Apple software: Some Mail.app users reported corrupted data, corrupted or missing accounts, failing connections, reappearance of deleted messages, and crashes. If you use IMAP accounts in Mail, you may be able to get them working by deleting and re-creating them. (Don't do this for POP accounts; it will delete all the mail. Many people report trouble with POP accounts.) My POP and Gmail IMAP accounts worked fine after upgrading. Not all mail servers implement mail protocols the same way, though, and some of the problems people report sound to me like the result of using a mail server that does operations in ways that Apple's mail client does not expect.

Third party apps: Microsoft Outlook 2011 requires a patch from Microsoft, available 2015-10-07 as "Office for Mac 2011 14.5.6," to cure an application hang. Some people report that it doesn't keep Outlook from crashing immediately. Microsoft Office 2016 is also encountering multiple issues. Users report that they cannot install Microsoft Office 2008 or Microsoft Office 2011 (out of date) on El Capitan. If Office was already installed on Yosemite and you upgrade to El Capitan, it will work. Adobe Illustrator CS5 has problems. See "Bugs/Gotchas" below. Adobe Photoshop CS5 has problems with type. See "Bugs/Gotchas" below.

Hardware support: Some printer brands do not have updated drivers for 10.11, and some fail to print. USB audio with asynchronous clocks was not working until 10.11.4. Time Machine automatic backups are not starting if a UPS control panel is connected via USB.

Security: Updating to El Capitan will remove non-Apple files from the core system, and prevent modification of the core system. These changes may break some third-party software that attempts to modify the core system.

What you Should Do Now to Get Ready for El Capitan

Who Can Update

Not everyone can use the new OS version.

Plan your install

When you decide to install El Capitan, do it carefully. You may find that there are issues that affect you: do your homework. Check MacInTouch to see if there are problems with OS X 10.11 that affect you.

Make sure you back up your entire disk before starting to install El Capitan.

Make a list of the hardware you depend on, and search the web to check that each device will work. Older printers and scanners can have issues.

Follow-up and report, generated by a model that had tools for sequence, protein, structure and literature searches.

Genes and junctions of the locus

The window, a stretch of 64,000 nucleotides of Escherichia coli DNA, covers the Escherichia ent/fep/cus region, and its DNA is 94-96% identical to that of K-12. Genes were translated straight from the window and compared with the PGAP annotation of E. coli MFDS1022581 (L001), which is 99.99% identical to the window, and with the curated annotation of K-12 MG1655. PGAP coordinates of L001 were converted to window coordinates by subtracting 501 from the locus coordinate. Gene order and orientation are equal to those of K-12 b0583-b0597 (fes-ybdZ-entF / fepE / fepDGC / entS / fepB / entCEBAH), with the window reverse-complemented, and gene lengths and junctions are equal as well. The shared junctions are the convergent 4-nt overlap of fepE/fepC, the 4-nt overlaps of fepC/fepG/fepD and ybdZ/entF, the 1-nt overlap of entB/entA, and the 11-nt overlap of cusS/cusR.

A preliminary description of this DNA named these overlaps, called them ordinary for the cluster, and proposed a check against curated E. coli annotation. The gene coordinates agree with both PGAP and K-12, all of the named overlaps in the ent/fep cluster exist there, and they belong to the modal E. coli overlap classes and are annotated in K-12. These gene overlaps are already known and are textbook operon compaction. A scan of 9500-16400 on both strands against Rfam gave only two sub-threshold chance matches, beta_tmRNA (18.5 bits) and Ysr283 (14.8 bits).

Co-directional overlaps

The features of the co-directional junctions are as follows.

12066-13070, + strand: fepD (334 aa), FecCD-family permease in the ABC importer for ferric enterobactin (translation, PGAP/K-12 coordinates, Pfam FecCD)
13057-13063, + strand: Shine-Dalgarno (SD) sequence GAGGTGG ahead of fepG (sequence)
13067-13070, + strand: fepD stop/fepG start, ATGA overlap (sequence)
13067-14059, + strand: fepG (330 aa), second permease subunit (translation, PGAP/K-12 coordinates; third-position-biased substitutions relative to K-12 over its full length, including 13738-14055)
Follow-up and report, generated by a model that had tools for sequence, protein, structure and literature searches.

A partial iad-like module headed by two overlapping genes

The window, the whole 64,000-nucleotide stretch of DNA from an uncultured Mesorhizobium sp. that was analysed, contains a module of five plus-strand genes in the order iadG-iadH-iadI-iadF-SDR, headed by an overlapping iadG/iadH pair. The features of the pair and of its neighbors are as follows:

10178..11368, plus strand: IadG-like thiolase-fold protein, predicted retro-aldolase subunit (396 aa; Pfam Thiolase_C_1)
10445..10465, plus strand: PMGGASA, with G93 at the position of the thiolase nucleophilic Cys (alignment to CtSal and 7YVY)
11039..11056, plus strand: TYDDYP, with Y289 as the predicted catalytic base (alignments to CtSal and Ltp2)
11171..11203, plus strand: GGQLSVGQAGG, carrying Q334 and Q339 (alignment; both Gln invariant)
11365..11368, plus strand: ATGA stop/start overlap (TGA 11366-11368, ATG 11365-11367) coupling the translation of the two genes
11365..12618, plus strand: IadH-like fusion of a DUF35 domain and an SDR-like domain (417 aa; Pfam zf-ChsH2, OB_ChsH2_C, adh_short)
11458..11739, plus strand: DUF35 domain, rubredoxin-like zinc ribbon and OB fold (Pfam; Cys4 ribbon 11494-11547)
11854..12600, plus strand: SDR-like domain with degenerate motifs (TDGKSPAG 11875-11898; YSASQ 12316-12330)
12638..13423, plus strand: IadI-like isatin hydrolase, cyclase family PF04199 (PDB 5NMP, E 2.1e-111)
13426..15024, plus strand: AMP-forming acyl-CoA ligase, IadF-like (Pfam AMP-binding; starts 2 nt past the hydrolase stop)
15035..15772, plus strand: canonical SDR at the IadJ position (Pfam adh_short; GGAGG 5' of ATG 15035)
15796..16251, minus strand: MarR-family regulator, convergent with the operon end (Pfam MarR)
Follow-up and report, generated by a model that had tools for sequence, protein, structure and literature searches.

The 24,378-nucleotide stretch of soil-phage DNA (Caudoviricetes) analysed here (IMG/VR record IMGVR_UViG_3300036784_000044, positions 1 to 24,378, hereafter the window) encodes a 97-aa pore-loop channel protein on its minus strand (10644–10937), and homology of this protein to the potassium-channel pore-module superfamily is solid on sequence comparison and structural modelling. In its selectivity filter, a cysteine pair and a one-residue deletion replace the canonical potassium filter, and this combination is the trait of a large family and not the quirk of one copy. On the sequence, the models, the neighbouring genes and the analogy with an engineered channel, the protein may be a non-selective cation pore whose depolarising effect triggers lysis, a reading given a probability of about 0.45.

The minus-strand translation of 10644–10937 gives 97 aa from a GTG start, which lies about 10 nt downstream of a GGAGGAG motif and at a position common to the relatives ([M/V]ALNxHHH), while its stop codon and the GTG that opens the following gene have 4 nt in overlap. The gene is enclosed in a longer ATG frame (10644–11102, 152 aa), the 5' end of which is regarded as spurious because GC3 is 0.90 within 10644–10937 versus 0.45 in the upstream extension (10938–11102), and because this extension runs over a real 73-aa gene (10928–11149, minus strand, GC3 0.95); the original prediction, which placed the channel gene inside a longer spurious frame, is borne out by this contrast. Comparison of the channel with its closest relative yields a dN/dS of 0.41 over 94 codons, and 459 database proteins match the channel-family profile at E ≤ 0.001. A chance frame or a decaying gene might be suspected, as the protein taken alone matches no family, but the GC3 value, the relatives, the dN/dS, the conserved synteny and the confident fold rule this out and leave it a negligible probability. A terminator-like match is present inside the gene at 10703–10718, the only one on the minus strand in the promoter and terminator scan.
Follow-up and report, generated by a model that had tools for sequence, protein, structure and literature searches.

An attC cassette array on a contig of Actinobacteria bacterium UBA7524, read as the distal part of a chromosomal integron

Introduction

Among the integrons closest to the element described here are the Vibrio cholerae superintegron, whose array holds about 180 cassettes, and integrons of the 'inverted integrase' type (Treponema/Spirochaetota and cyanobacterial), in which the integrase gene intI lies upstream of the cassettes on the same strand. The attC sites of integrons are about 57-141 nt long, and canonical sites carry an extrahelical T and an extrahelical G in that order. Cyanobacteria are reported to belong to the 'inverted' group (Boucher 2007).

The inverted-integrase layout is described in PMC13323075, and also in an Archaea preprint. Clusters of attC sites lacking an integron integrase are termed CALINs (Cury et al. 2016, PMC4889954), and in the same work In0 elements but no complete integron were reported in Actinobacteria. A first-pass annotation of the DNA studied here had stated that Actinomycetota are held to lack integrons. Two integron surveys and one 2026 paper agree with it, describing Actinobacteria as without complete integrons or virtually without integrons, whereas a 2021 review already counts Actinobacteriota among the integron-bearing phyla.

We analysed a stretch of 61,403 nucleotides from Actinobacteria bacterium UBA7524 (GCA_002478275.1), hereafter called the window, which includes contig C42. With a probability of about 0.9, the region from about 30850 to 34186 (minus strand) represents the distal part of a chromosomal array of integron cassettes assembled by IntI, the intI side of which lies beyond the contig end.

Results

Leave yourself enough time. Upgrading will tie up your computer for a big part of a day. Installing takes an hour or two, but then your computer will be very slow until it re-does the Spotlight index and backs up to Time Machine.

Finding PowerPC Programs

PowerPC-only programs on your computer will not run on El Capitan. (System Profiler no longer lists the "Kind" of program in its Applications report.) To list these programs, open a Terminal window and type

  system_profiler SPApplicationsDataType | sed -e 's/ *//' | grep -A4 "Kind: PowerPC" | grep Location > ppc.txt

Many of these programs are not problems: they are leftovers from old software installers or previous versions of software. For example /Library/Application Support/Adobe/AdobePDF.app. If you have questions, contact the manufacturer.

Particular issues before upgrading

Here is a partial list of minimum program versions needed for El Capitan. For other programs, check product websites, or RoaringApps.

ProgramMinimum VersionNotes
Microsoft Office2011No longer sold, works if already installed; needs an Outlook patch
Parallels11.0$50 upgrade
Quicken2007 "Lion Compatible" version 16.1.4$15 upgrade
Adobe PhotoshopCS5 see "Bugs/Gotchas" below; must install Java 6
Adobe IllustratorCCsubscription (see "Bugs/Gotchas" below)
Suitcase Fusion 717.3.0$50 upgrade .. does not support CS5
Little Snitch3.6.3$17 upgrade
Apple XCode7.1free with registration
Super Duper2.8$27.95
Apple OS X Server5.0.4$19.99, free upgrade for Yosemite

Installing El Capitan